Homepage 'de Luikerwaal' Robinson Crusoe
part 1

Only a few other books are published in so many versions of magic lantern slides as Daniel Defoe's famous novel Robinson Crusoe (1719).
September 30, 1659. I poor miserable Robinson Crusoe, being shipwreck'd, during a dreadful Storm, in the offing, came on Shore on this dismal unfortunate Island, which I call'd the Island of Despair, all the rest of the Ship's Company being drown'd, and my self almost dead.

All the rest of that Day I spent in afflicting my self at the dismal Circumstances I was brought to, viz. I had neither Food, House, Clothes, Weapon, or Place to fly to, and in Despair of any Relief, saw nothing but Death before me, either that I should be devour'd by wild Beasts, murther'd by Savages, or starv'd to Death for Want of Food. At the Approach of Night, I slept in a Tree for fear of wild Creatures, but slept soundly tho' it rain'd all Night.
(slide: origin unknown.)
 




This is possibly one of the oldest sets of magic lantern slides that was used to tell the story of Robinson Crusoe. It is a set of twelve oblong hand painted glass slides, three of that shown here. Painted in clear, primary colours on a black background, diverse scenes are depicted that could suit to the Robinson-story, like the shipwreck, flashes of lightning, a man climbing on board of the wreck and taking some goods with him on a raft, the discovery of the footprint in the sand and the arrival at home. Scenes like the finding of the footprint and the use of the raft were immediately recognizable as belonging to Robinson Crusoe in the 19th century.
 
A slightly different version of the old set above.
 

 
French chromolithographed transfer slide for the lampascope and similar domestic lanterns, probably made by Lapierre, c. 1890s. The story is told by means of manuscript-style captions, the first one with the title 'Histoire du Robinson' (The story of Robinson) and the beginning line 'Robinson fait son adieux a son pre' (Robinson says good-bye to his father).
 
A charming set of four hand painted magic lantern slides. Each picture has hand written title above e.g. "Crusoe starts for a new journey", "Crusoe on his voige" (voyage). Wonderfully naive. Approx 3.5" x 13" (9 x 33 cm).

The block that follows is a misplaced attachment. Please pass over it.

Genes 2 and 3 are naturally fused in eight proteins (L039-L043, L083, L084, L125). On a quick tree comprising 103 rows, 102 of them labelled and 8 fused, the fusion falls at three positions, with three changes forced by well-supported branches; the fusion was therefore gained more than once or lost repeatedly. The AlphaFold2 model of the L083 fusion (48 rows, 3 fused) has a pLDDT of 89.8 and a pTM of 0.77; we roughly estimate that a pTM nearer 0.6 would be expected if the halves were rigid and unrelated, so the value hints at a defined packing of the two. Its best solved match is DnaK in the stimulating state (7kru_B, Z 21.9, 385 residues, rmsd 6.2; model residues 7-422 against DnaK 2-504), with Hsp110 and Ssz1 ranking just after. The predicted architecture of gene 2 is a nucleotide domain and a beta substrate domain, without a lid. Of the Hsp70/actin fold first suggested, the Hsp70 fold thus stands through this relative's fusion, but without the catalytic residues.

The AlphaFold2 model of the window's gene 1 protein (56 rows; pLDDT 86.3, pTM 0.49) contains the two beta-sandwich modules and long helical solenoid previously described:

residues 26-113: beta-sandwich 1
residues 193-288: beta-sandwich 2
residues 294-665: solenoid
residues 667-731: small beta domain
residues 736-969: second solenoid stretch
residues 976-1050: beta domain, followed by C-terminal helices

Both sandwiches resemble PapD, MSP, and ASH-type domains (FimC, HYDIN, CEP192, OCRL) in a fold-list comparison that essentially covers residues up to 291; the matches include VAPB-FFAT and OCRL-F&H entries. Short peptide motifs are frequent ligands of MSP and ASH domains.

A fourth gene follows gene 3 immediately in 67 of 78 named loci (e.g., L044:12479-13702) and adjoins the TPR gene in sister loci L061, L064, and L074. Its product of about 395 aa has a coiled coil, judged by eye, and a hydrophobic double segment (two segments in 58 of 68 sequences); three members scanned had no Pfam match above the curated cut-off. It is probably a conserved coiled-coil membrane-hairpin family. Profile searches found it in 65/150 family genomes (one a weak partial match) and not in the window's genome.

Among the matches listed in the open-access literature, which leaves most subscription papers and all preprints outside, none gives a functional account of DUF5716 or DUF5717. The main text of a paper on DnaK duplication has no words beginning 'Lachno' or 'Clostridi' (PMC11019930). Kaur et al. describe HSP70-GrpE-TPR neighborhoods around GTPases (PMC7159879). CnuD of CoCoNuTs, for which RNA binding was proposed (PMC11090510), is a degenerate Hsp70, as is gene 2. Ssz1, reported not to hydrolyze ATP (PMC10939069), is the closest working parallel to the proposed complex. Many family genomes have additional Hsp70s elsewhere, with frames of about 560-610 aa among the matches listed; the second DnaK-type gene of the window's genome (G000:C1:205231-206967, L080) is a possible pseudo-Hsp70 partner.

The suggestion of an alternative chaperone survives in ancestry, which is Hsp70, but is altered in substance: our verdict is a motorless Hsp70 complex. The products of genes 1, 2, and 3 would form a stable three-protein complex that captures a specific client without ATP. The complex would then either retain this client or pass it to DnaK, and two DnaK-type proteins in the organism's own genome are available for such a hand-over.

Some areas of colour have flaked off some of the pictures and the black masking is worn. The first slide above is a digital reproduction.

 
Eight magic lantern slide out of an unknown how large series of slides made by the company of William Edward and Frederic Newton, Newton & Co. in their so-called 'Cheap Series'.

Their products had a reputation for quality and the range of slides they produced was vast.

Two sets of each 12 black and white magic lantern slides, probably Dutch.
The slides were found in a cardboard box labelled 'City-serie' and 'Amsterdam Holland'. All slides are provided with a shield shaped trade mark and a number 1 - 24. Like in many other versions Robinson is accompanied here by his dog.

The first set is framed by black adhesive tape around the edges which is probably done by an early user. The second set is probably originally and not framed.

Complete with a double-sided printed reading.




Two marvellous long magic lantern slides depicting the story of Robinson Crusoe.
 

 

 

Set of colourful magic lantern slides. Above the first slide, showing Rob's departure, and the last one, showing his save return at home. Sizes 3.25" square.
 

The set above was has also been produced as two oblong magic lantern slides depicting the story of Robinson Crusoe and his servant Friday in the same eight images. Each slide measures about 7.25" x 2" and is made with two pieces of glass held together with red paper tape. One piece carries the images, the other glass is clear and protects the images from damage.

The slides are probably made by Ernst Plank, Nuremberg, Germany.



 
Three hand painted magic lantern slides fitted in a mahogany frame.

 
These slides are part of a set of probably eight slides and are numbered 2, 3, and 5. Overall size is 7 x 4 1/2". (18 x 11cm). Glass is 3 1/4" ( 8.2 cm) in diameter.

 



Nice set of twelve square magic lantern slides made by the American C.W. Briggs Co, c. 1880s. Pictures in a sketchy style. The pictures are set up in thin contour lines and after that painted by hand. Striking is the absence of Friday.

 





 



 
Thanks to Marieke de Natris, author of 'Kkt nh!', a thesis for her Master's degree, a research into the use of the magic lantern in the Netherlands in the context of visual mass media (Dutch, 2002), in which she paid much attention to the 'Robinson-slides'. She sent me a lot of usable illustrations.
 





More Robinson Crusoe slides....
 

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